13th – Review

Kareem Abdul-Jabbar recently wrote, “Racism in America is like dust in the air. It seems invisible — even if you’re choking on it — until you let the sun in. Then you see it’s everywhere.”

Our world is hurting from the injustices that have gone unchecked and the silence from too many. I am yearning for understanding, and for me, I default to books and movies. I think it was Ice Cube on Twitter that said, “if you want to understand, watch 13th, When They See Us, or Selma instead of The Help. Ignore the Disney shit.” I figured Mr. “Fuck the Police” has a pretty good idea of what’s going on right now, so I sat back and paid attention.

The 13th Amendment of the Constitution states, “Neither slavery nor involuntary servitude, except as a punishment for crime whereof the party shall have been duly convicted, shall exist within the United States, or any place subject to their jurisdiction.” 13th, the Netflix documentary explores the history of that loophole in the middle that has kept a form of slavery alive and well through our justice system. After slavery was abolished, we had Jim Crow laws, then the Civil Rights era of the 50s and 60s, to the mass incarceration of the 80s, and the 1994 Crime Bill that lead us to today.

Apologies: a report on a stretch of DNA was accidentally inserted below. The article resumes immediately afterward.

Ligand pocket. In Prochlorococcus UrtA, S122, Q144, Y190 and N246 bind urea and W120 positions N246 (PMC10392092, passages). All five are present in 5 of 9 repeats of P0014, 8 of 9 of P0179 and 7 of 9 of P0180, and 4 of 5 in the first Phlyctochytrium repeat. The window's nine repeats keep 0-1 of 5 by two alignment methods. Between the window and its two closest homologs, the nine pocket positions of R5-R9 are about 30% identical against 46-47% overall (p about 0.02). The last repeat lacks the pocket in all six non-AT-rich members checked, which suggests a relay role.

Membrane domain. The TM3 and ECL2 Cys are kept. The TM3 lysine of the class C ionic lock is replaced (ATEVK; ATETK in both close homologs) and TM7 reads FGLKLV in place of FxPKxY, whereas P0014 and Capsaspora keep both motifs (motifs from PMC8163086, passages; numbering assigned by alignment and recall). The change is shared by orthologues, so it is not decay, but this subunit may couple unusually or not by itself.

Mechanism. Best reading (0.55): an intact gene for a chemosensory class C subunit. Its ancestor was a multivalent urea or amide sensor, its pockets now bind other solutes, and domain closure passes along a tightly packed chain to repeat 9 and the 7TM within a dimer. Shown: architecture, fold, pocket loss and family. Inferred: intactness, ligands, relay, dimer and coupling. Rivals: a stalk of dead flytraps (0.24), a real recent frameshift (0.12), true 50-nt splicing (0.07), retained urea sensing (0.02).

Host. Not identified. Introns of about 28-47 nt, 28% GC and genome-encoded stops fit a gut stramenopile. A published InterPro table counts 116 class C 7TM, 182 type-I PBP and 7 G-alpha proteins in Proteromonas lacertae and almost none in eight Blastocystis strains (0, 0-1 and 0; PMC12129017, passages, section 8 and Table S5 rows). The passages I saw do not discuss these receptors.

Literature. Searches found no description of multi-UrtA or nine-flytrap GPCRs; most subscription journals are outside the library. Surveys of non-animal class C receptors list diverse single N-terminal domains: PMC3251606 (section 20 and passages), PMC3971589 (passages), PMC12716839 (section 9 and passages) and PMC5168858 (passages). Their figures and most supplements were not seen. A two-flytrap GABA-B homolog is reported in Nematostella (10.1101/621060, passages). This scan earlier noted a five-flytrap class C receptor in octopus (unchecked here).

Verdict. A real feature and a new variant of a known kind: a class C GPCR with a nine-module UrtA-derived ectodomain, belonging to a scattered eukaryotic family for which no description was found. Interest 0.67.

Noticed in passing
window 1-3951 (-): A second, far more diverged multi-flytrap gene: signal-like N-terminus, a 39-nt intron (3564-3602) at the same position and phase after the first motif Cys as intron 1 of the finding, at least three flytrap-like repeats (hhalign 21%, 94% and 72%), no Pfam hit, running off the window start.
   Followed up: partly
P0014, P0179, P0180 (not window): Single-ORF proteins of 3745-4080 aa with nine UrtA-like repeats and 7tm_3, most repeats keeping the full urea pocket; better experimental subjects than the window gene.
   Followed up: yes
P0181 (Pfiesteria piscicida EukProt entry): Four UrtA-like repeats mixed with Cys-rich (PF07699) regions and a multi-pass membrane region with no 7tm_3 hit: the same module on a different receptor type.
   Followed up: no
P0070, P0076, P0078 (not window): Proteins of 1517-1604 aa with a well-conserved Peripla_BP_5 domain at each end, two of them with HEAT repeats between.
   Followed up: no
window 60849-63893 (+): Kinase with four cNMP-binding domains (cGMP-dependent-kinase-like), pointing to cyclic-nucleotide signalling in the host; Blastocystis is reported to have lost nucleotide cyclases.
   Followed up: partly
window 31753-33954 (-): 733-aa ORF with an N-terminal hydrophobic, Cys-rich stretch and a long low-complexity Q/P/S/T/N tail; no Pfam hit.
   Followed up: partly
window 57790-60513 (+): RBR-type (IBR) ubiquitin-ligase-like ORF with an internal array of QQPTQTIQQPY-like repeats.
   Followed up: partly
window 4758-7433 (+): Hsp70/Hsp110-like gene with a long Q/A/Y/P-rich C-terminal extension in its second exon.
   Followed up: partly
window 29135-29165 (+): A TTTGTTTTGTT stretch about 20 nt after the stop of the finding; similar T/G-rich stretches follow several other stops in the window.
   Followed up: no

It’s almost embarrassing to state how much information was new to me. So much history that I wasn’t taught or thought to research on my own until now. There is still lots to learn, but even this small amount is convicting. There are signs of hope out there that things are changing for the better. With more listening and learning, I believe we can get there. Justice has waited too long.

Grade: A

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